Buehler defends recreational pot amid crackdown talk

Oregon AG Rosenblum says she'll defend state law

New debate over recreational marijuana

SALEM, Ore. - (Updated with Buehler interview)

Oregon's attorney general and a Republican state lawmaker from Bend on Friday joined an Oregon Democratic senator in defending Oregon's voter-approved recreational marijuana program and criticizing the White House for indicating federal law enforcement may crack down on states that allow it.

Buehler spoke to NewsChannel 21 via Skype on Friday morning. 

"I think it's been successful," he said of the recreational marijuana program. "It's been well-received, there has been a lot of work in the state to try to get it to be acceptable for people, and I think we're there." 

The lawmaker said the new recreational marijuana program has been successful in generating money for the state. Last year, the state's marijuana sales tax brought in $60 million, the money going toward schools, cities and drug rehab programs. 

Under federal law, marijuana is still considered a controlled substance, meaning drug agents could conduct raids and shut down marijuana businesses.

"I think that's to be seen," Buehler said, "and that's something that the Legislature needs to deeply think about."

Buehler earlier Friday issued this statement in response to the Trump administration’s Thursday comments on recreational marijuana:

“I hope the new president and attorney general keep their hands off Oregon’s marijuana law," he said. "They should respect the will of the voters and honor state’s rights. Federal intervention will only make a legal market a black market once again.”

Sen. Ron Wyden, D-Ore., voiced a similar viewpoint Thursday after White House Press Secretary Sean Spicer made comments that Wyden said were "disparaging the decisions American voters have made to legalize recreational marijuana in eight states and Washington, D.C.”

"The federal government needs to respect the decisions of Oregon voters. Instead, the Trump Administration is threatening states' rights, including the rights of one in five Americans who live in a state where marijuana is legal," Wyden said.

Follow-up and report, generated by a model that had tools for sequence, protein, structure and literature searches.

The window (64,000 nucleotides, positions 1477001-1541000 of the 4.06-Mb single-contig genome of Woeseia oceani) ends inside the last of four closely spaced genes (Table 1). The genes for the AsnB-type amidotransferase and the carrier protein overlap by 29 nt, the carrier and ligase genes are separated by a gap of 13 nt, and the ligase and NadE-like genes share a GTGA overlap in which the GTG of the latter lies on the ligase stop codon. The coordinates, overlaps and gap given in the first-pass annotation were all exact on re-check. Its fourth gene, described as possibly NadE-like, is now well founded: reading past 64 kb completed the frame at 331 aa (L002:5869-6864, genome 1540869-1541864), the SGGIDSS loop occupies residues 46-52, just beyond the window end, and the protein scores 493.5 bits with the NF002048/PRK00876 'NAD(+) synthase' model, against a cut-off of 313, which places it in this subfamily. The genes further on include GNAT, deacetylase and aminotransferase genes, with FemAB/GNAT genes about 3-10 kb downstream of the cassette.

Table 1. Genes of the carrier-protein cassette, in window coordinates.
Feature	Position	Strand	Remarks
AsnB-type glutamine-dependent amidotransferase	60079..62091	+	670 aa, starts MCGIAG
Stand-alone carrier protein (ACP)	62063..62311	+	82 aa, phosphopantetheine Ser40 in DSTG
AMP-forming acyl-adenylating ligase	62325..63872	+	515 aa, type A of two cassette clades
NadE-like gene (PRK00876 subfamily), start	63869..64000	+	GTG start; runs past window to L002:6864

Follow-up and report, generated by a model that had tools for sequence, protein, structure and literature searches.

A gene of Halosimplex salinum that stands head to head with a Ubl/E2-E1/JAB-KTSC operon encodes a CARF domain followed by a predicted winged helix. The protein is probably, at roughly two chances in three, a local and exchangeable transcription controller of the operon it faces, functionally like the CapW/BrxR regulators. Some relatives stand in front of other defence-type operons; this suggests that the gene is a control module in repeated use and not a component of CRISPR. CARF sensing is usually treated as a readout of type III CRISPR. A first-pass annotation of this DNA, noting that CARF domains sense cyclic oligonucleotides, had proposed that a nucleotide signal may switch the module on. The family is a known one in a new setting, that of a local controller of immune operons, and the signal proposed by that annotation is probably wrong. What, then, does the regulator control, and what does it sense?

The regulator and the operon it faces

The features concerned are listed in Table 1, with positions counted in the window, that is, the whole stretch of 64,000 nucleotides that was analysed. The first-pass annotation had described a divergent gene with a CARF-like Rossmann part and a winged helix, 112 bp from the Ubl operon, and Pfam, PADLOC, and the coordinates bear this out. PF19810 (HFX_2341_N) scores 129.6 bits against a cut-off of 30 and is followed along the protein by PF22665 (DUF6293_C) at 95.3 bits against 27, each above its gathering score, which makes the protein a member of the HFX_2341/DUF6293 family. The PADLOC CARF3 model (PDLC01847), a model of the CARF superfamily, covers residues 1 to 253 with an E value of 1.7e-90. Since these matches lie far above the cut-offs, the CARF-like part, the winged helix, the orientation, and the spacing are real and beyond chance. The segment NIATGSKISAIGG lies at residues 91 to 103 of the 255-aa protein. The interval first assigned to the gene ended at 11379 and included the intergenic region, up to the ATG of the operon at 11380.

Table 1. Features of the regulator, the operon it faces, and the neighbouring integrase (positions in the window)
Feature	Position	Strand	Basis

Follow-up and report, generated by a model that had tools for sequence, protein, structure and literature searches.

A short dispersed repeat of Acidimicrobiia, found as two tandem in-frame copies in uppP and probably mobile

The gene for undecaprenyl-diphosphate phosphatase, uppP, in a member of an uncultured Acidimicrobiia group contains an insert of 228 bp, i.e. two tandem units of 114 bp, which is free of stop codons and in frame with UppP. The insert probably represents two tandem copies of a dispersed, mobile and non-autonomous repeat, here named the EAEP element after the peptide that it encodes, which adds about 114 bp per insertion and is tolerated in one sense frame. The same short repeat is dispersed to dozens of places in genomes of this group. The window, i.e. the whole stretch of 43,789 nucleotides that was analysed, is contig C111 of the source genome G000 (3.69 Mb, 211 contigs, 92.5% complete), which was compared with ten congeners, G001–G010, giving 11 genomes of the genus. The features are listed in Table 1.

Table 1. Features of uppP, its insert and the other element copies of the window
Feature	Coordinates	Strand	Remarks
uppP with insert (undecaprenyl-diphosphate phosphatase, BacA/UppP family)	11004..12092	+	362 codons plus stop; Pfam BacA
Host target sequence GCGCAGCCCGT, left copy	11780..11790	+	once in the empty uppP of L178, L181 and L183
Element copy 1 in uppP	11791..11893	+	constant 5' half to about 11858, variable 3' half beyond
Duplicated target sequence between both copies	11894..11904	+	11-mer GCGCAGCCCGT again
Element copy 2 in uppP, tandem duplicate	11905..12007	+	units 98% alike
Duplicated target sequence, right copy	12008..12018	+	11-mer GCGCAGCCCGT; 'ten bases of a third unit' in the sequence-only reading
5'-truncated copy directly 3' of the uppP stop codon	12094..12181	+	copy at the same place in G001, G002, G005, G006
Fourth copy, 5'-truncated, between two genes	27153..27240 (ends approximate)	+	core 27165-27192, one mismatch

"Wasting taxpayer dollars and burdening our law enforcement agencies to go after law-abiding recreational marijuana users distracts from going after criminals and threats to our safety. I will fight hard against ridiculous federal government intrusions into our state," the senator added.

Oregon Attorney General Ellen Rosenblum provided this statement Friday to NewsChannel 21 on the developments involving recreational marijuana:

"Oregon has a young and growing marijuana industry that is focused on safe, pesticide-free cannabis for those who need it for medical purposes, and for those who are of age and choose to use it. Like alcohol, it is highly regulated and taxed, which benefits the public's health and safety-and benefits the state's revenues.  In Oregon, we collected over $60 million in taxes in the first year of legalization.

"In my role as state AG, I plan to continue to work hard to make sure Oregon's growing marijuana industry flourishes. This will include consulting with our neighboring states that have passed similar laws and potentially working together with those state AG's who choose to protect our people's decisions to allow both medical and recreational use of marijuana.

"It is my sincere hope to be able to focus Oregon's limited law enforcement resources on truly dangerous drugs, like methamphetamine, heroin and fentanyl, and on crimes of violence."

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